The Delta variant of the coronavirus, which can spread more easily and cause more severe illness, has been detected in Hawaii in a person who was fully vaccinated, according to the state Department of Health.
The variant was detected in a specimen from an Oahu resident who traveled to Nevada in early May. In addition to receiving two doses of a COVID vaccine prior to travel, the person, who is not being identified, tested negative for COVID prior to returning to Hawaii.
Several days after returning to the state, the person developed mild symptoms consistent with a COVID infection and subsequently tested positive for the virus. There is no evidence that the Hawaii resident passed on the virus, and household members and close contacts were quarantined.
Acting state epidemiologist Sarah Kemble said Monday during a news conference that most members of the infected resident’s household had been fully vaccinated, which likely helped stop the virus from spreading.
“So we have an example here of why even though a vaccine isn’t 100% (effective) every time, it is still incredibly important and effective at slowing the spread in these novel variants,” she said.
The Pfizer-BioNTech and Moderna vaccines have shown to be 94% to 95% effective at preventing symptomatic COVID infections and highly effective at stemming the spread of the virus. The Johnson &Johnson vaccine has been shown to be less effective. But all three vaccines can prevent serious illness, hospitalization and death, even when there is a “breakthrough case.”
The Delta strain of COVID-19 was first detected in India, where its rapid spread set off a public health crisis in April and May. The majority of the country remains unvaccinated. The variant has spread to dozens of countries and now comprises 91% of new cases in the U.K., where health officials believe it has pushed up case counts within the country.
The Delta variant now comprises about 6% of the cases in the United States. Kemble said a primary concern about the variant is its tendency to become a dominant strain, suggesting that it’s more contagious.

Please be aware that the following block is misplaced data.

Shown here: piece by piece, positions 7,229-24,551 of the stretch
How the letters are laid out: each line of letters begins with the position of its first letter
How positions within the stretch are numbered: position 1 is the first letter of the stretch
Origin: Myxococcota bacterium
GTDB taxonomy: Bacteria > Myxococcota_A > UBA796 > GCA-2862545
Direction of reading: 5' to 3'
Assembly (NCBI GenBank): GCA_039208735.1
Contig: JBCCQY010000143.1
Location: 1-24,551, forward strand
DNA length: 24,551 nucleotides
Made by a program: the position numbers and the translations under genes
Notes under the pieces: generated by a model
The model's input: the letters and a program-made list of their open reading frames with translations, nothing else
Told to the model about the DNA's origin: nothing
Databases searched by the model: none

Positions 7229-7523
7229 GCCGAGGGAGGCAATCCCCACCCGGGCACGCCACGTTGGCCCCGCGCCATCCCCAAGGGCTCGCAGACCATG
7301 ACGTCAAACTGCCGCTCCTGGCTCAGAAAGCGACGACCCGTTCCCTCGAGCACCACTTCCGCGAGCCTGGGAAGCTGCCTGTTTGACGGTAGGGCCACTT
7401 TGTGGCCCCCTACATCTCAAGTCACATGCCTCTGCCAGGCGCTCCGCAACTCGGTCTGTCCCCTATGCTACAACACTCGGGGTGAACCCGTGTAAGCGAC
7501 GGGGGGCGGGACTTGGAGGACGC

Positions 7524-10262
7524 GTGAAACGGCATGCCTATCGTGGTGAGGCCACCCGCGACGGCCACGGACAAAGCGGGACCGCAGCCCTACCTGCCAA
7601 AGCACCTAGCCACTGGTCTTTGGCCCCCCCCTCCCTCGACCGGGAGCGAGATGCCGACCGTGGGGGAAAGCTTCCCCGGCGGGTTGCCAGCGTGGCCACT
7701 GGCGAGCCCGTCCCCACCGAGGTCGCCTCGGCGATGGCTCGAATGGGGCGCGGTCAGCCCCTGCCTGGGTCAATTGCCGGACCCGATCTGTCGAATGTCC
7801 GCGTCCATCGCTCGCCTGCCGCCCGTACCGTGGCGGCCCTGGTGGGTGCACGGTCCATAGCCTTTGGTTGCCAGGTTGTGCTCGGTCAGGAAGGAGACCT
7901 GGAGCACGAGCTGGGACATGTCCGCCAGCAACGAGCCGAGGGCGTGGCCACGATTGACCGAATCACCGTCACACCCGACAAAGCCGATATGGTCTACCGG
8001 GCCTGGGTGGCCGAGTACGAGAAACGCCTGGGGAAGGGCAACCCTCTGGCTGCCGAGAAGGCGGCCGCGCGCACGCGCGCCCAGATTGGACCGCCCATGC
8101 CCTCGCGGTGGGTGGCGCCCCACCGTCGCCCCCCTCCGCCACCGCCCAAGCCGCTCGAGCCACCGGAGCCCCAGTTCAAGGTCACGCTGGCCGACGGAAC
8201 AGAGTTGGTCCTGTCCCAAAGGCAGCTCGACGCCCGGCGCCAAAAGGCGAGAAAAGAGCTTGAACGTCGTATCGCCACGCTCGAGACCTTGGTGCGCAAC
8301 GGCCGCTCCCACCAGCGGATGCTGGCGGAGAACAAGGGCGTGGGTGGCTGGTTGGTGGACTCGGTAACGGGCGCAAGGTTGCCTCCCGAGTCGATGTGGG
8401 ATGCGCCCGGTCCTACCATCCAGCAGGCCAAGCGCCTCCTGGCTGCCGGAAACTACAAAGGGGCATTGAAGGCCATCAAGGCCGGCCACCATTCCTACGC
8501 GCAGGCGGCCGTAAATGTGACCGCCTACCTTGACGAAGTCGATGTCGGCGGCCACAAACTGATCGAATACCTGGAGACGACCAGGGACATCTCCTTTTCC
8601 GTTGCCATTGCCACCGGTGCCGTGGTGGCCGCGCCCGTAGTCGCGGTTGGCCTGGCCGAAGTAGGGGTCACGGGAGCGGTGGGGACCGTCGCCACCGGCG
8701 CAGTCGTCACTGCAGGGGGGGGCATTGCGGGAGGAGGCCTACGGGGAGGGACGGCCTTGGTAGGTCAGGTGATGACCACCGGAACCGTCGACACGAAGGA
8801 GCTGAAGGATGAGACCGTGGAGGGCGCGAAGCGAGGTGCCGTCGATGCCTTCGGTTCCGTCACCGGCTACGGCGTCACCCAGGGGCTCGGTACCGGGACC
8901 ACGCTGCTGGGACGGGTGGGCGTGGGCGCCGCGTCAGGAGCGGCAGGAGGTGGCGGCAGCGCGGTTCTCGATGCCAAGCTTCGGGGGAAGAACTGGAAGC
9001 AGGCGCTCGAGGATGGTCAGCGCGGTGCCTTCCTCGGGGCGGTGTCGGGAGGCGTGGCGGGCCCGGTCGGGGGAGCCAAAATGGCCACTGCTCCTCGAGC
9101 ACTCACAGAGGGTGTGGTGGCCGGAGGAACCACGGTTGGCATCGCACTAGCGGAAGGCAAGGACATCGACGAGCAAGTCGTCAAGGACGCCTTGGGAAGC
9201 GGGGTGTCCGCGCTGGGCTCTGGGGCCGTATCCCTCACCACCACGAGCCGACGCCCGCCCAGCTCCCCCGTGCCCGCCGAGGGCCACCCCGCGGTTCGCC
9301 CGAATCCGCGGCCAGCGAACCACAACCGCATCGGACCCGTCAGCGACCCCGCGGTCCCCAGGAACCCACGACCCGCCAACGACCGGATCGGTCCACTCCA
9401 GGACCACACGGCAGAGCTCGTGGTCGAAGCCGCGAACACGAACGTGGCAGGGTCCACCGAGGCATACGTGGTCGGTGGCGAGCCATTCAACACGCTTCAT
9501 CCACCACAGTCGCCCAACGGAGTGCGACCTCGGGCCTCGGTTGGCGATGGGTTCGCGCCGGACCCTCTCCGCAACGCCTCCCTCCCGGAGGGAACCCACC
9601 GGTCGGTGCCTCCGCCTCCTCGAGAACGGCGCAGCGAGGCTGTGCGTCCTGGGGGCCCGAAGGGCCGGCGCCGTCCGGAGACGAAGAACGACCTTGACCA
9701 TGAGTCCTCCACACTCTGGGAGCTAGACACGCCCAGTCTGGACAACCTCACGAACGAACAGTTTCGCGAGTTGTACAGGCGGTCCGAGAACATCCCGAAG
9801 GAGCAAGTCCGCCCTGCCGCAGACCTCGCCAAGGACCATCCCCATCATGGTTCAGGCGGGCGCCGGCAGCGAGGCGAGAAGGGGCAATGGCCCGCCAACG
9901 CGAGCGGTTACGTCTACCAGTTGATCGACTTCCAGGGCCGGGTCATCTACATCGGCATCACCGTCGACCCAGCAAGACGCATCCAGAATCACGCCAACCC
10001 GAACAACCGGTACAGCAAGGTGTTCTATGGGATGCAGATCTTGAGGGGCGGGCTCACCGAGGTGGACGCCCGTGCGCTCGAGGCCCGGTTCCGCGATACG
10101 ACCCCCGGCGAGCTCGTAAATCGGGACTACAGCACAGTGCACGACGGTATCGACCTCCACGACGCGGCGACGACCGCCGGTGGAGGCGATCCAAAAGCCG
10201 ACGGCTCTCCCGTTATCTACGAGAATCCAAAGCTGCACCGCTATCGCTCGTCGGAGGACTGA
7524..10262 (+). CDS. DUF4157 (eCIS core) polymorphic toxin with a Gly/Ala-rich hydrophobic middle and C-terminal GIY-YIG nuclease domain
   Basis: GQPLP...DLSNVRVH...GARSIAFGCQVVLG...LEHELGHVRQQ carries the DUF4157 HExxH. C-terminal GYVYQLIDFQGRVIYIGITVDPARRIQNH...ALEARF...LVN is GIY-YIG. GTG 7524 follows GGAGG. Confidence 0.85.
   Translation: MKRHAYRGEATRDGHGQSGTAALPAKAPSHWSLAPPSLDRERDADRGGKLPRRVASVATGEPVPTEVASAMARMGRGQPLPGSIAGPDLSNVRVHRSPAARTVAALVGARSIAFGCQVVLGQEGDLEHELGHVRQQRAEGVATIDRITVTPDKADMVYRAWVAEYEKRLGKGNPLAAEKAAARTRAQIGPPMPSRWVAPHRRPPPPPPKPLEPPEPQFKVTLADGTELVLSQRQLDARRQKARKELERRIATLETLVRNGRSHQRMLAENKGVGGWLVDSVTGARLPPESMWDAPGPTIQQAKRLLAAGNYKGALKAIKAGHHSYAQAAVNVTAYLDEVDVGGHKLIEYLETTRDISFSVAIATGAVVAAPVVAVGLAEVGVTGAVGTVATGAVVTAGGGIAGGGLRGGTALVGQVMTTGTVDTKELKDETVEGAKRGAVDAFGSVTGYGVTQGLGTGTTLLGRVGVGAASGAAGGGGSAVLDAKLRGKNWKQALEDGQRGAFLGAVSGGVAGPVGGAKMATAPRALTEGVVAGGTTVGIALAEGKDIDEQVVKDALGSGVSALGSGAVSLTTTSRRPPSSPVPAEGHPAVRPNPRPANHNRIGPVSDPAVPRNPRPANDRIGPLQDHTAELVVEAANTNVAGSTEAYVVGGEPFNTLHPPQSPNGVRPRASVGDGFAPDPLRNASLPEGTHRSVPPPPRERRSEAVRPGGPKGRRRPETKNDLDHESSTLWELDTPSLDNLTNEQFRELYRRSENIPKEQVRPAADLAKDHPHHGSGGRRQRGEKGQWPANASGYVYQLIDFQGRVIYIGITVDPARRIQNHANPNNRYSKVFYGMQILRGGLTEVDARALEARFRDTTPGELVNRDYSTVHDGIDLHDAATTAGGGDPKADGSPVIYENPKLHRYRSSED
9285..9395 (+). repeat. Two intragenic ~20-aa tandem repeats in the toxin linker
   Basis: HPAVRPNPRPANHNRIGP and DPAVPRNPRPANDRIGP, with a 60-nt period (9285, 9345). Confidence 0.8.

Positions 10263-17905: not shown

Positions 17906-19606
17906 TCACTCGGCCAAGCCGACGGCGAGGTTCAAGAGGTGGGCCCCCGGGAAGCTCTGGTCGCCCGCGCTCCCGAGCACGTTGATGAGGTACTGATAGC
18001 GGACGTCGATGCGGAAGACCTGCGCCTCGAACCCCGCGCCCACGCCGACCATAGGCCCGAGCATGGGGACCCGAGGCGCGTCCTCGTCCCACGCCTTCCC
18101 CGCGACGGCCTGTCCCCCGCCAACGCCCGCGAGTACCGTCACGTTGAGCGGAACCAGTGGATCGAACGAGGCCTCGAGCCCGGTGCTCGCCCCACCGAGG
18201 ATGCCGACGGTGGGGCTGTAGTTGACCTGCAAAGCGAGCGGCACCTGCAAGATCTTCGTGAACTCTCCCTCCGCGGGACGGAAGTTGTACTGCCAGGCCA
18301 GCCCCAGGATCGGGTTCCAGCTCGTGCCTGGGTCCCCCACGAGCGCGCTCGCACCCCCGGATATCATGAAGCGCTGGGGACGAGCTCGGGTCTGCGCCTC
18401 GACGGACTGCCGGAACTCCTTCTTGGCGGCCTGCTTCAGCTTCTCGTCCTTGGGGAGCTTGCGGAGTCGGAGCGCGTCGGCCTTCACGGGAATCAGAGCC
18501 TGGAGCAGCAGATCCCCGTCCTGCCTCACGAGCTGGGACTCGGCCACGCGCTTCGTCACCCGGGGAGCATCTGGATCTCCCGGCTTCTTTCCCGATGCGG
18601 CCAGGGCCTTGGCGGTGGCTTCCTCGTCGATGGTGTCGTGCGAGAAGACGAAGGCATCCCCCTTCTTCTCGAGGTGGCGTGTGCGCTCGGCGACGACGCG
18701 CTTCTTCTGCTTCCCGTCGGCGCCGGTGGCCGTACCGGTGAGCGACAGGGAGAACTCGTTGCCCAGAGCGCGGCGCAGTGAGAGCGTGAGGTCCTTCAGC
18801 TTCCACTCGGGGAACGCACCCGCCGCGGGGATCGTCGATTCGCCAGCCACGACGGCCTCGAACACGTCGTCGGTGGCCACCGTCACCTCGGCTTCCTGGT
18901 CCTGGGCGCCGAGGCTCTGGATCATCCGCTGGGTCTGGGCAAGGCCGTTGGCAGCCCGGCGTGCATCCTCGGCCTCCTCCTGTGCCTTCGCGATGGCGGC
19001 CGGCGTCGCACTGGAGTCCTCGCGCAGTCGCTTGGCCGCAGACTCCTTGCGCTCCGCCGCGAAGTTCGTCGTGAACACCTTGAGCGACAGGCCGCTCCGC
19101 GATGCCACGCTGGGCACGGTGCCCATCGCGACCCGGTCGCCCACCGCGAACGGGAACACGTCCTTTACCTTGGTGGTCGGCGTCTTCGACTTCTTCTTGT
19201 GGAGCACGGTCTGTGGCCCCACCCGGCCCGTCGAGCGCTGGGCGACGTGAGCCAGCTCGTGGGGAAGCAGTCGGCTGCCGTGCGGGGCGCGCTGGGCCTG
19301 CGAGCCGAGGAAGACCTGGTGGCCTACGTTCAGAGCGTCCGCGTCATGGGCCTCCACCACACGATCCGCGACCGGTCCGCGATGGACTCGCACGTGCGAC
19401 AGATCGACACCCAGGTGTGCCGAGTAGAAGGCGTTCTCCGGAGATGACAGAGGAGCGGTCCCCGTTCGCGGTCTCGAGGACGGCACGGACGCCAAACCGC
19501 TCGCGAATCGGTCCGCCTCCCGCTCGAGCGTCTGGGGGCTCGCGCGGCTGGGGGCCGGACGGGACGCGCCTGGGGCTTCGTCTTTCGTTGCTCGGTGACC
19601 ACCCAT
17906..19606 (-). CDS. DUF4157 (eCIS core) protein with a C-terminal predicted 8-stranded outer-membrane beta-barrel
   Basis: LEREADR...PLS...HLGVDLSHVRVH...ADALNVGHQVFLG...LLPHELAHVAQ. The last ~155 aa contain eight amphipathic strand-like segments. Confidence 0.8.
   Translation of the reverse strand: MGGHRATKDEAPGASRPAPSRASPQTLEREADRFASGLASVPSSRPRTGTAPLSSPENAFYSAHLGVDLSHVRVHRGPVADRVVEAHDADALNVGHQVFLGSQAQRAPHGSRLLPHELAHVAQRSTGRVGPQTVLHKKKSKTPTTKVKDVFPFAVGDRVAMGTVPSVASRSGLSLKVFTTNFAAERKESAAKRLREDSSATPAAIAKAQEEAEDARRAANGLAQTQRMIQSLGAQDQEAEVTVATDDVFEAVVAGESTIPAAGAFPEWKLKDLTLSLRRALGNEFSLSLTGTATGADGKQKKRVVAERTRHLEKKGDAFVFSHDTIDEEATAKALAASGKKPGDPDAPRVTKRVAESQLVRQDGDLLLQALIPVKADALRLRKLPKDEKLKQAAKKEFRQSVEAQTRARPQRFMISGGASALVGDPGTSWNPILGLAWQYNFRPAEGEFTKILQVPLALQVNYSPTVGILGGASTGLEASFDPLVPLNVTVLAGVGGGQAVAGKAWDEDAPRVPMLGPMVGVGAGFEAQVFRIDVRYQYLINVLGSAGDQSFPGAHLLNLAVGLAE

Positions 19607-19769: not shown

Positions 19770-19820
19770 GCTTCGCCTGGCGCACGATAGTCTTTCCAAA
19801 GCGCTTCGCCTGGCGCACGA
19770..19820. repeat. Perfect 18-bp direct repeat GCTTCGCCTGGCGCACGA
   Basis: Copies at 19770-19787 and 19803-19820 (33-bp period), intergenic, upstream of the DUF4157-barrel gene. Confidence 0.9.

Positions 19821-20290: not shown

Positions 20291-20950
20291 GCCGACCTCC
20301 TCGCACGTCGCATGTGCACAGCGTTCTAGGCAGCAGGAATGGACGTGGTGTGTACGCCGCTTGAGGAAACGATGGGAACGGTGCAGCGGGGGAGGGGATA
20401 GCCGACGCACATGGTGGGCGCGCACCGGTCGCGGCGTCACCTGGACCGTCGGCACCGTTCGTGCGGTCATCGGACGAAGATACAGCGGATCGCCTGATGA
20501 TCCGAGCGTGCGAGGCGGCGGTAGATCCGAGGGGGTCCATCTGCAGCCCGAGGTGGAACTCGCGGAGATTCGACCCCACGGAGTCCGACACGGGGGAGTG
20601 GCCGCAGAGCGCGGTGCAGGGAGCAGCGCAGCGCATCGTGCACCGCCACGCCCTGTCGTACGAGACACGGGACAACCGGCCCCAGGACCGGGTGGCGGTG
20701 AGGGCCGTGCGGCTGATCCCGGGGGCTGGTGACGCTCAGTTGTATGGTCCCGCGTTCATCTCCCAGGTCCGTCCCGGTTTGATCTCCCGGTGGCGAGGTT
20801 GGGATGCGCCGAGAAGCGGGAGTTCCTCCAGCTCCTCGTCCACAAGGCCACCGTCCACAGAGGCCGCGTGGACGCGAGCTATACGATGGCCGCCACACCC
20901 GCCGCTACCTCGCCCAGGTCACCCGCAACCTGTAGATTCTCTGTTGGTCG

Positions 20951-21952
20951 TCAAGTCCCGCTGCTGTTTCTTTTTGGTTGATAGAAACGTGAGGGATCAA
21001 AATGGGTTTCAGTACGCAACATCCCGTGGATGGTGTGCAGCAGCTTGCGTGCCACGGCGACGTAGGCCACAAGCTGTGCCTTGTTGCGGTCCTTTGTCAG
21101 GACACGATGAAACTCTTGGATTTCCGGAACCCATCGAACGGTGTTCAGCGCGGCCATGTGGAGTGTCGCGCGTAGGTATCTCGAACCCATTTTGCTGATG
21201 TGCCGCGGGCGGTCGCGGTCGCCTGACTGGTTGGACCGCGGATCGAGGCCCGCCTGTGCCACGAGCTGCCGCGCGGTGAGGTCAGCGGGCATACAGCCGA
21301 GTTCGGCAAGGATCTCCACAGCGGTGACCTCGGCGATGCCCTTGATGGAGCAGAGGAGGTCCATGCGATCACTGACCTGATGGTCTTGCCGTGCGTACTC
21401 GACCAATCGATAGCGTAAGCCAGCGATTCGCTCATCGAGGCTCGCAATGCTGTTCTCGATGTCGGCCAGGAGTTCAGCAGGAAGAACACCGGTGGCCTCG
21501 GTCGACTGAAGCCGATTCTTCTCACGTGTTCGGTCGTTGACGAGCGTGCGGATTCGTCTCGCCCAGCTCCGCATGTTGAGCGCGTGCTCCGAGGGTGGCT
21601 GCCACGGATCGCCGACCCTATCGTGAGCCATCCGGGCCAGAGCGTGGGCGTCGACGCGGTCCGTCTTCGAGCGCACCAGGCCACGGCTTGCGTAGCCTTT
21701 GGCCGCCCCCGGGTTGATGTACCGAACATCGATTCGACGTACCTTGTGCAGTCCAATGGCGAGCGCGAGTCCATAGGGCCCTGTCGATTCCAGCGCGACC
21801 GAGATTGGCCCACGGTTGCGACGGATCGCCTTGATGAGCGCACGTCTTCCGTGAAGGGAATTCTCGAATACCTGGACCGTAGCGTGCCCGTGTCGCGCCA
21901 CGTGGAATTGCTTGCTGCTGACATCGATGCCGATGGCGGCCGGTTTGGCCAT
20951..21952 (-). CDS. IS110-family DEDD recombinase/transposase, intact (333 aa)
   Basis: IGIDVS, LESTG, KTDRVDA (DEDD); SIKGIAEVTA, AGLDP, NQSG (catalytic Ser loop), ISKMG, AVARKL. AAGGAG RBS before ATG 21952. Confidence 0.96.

There are also reports that the Delta variant produces a higher rate of severe illness than the original COVID-19 strain, said Edward Desmond, the Health Department’s State Laboratories Division administrator, though he cautioned that there isn’t enough scientific evidence to support that conclusion.
“This is not unexpected,” said Desmond, noting that the Delta variant showed up in California about a month and a half ago.
Doctors have reported that as the Delta variant has spread in southeastern China, they’ve seen patients becoming sicker and their conditions worsening more quickly, The New York Times reported this weekend, with similar trends reported by doctors in Britain and Brazil.
So-called “variants of concern” now comprise the vast majority of coronavirus cases in Hawaii. They are flagged by health officials because they may be more contagious, make people sicker or may not be as responsive to the available vaccines.
Health officials are urging all Hawaii residents who are eligible, those 12 and up, to get vaccinated to stem the spread of COVID-19 and its variants. As of Monday 55% of Hawaii residents had been fully vaccinated, and 61% had received at least one dose of a vaccine, according to state data.
Overall, Hawaii’s case counts have remained low as more people get vaccinated, a promising sign as the state welcomes back visitors and restrictions on businesses and activities ease. State Department of Health officials reported 56 new confirmed and probable coronavirus infections Monday, bringing the state’s total since the start of the pandemic to 37,067 cases. The new confirmed and probable infection count by island includes 21 new cases on Oahu, 14 on Maui, four on Hawaii island, seven on Kauai and 10 Hawaii residents diagnosed outside the state.